Policing and Criminalization Archives - Advancement Project - Advancement Project

Policing and Criminalization

Advancement Project's Justice Project supports grassroots movements in communities of color that challenge systems of policing, incarceration, and criminalization.

Communities of color across the United States are under siege by an unforgiving criminal legal system. This system is made possible by racist laws that criminalize even the most minor actions, powerful and expansive law enforcement that harass, assault and murder with impunity, biased prosecutors and judges that make discretionary decisions, and a carceral system that serves as a disposal system.

In order for our communities to thrive, we need to divest from local policing and incarceration systems and invest in community resources like education, mental health, housing and employment. Our communities need more control and voice to create transformative change in our laws, institutions, and narratives that shape how we view and practice safety.

Advancement Project’s Justice Project supports grassroots movements in communities of color that challenge racial criminalization and attack all aspects of the criminal legal system, forefronting police. We help local campaigns seeking not simply to reform, but to wholly dismantle systems that criminalize and incarcerate people of color in the name of “law and order.” We support racial justice grassroots organizers through research, policy advocacy, litigation, political education, and strategic communications in cities across the country. We aim to help impacted communities define the terms and control the means by which safety is realized in their streets and neighborhoods and to re-imagine for themselves how safety is pursued.

The Justice Project’s work has included supporting grassroots groups in: challenging Stop & Frisk tactics and cash bail; implementing bail outs; closing jails and fighting expansions; training lawyers to represent survivors of police violence; and seeking release of people detained pretrial in the midst of the COVID-19 Pandemic.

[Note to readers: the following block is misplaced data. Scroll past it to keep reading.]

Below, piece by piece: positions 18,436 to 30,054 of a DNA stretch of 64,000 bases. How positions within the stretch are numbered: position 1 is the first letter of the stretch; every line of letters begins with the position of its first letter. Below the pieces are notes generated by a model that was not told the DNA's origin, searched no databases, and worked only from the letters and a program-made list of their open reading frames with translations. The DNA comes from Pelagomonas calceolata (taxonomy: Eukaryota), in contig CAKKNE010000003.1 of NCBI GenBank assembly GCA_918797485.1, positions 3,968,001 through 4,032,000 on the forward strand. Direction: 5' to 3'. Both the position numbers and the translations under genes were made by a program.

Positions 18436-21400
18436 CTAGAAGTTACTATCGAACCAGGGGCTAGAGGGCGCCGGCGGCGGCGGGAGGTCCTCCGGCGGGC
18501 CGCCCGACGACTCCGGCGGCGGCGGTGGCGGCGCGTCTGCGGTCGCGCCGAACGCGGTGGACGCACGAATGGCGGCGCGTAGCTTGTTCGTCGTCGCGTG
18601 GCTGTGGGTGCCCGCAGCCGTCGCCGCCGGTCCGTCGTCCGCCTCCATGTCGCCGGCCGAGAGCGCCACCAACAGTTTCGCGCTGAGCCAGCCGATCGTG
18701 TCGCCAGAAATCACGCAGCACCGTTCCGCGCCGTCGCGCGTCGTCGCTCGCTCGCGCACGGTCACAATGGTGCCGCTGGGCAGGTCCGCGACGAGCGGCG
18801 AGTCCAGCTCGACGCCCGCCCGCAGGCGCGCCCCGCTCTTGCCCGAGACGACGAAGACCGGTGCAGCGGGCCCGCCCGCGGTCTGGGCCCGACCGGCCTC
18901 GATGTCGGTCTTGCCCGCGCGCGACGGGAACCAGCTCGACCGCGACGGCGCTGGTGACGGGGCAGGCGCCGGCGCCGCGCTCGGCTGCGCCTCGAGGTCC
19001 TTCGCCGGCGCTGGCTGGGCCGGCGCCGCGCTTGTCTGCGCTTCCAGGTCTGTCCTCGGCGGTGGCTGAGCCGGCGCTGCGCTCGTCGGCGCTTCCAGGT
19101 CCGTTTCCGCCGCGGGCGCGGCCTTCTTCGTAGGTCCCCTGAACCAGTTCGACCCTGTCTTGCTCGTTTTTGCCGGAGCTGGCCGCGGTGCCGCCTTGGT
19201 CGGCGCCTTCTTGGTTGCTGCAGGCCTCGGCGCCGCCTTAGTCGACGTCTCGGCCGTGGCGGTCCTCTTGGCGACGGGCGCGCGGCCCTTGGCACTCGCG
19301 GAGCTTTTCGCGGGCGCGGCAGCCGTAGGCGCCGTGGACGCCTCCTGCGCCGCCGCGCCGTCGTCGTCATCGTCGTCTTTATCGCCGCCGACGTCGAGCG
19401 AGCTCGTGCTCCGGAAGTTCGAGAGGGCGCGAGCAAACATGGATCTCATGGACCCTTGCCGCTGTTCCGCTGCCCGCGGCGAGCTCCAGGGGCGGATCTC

We also work to shift narratives around safety through strategic communications in an effort to create new models for safety, while dismantling existing structures of white supremacy, including creating narrative shifting content like How Cops Get Off. How Cops Get Off is a three-part animated video series developed by the Advancement Project. Narrated by our board member, Jesse Williams, each four-minute video in the series breaks down a major structure in our culture and laws that keep cops in power and unaccountable: the dominant narratives in tv shows, movies, and news, the protectors within our criminal legal system like prosecutors and police associations, and the laws that shield cops from accountability like qualified immunity.

History of Justice Project:

Advancement Project has long collaborated with organizers and activists to combat the systemic racism of the criminal legal system. We have pioneered work to expose and end the school-to-prison pipeline and school-based arrests, including building and nurturing a grassroots movement of parents and youth. After Amadou Diallo was murdered by police d in New York City, we published a report with PolicyLink on promising community policing practices in an effort to provide tools to organizers challenging police policies and practices. For several years thereafter, Advancement Project supported a group of ministers as they sought reform of NYPD, providing legal, policy, organizing and communications assistance. Advancement Project relied upon its skill as an emergency responder to assist the Dream Defenders after the acquittal of George Zimmerman, staying with them during the 31-day takeover of the Florida capitol during which time we provided communications support and drafted Trayvon’s Law, a proposal developed by young people. Similarly, in Ferguson, Baltimore, Baton Rouge, and Charlotte, Advancement Project staff provided crisis response and longer-term capacity-building support to local organizations.

These pivotal moments generated a new wave of movement resistance against racist policing practices as well as the entire criminal legal system. While systemic reform has gained mainstream support in the wake of high-profile police killings, these efforts did not go far enough. Reforms lacked an authentic connection to organizing, forcing communities to rely on system actors to implement the changes. As a result, the criminal legal system simply recalibrated to reproduce the same results. Further, many politicians have turned back the clock and fortified the police state in communities of color. In response, Advancement Project continues to support local grassroots efforts in challenging policing and incarceration systems.

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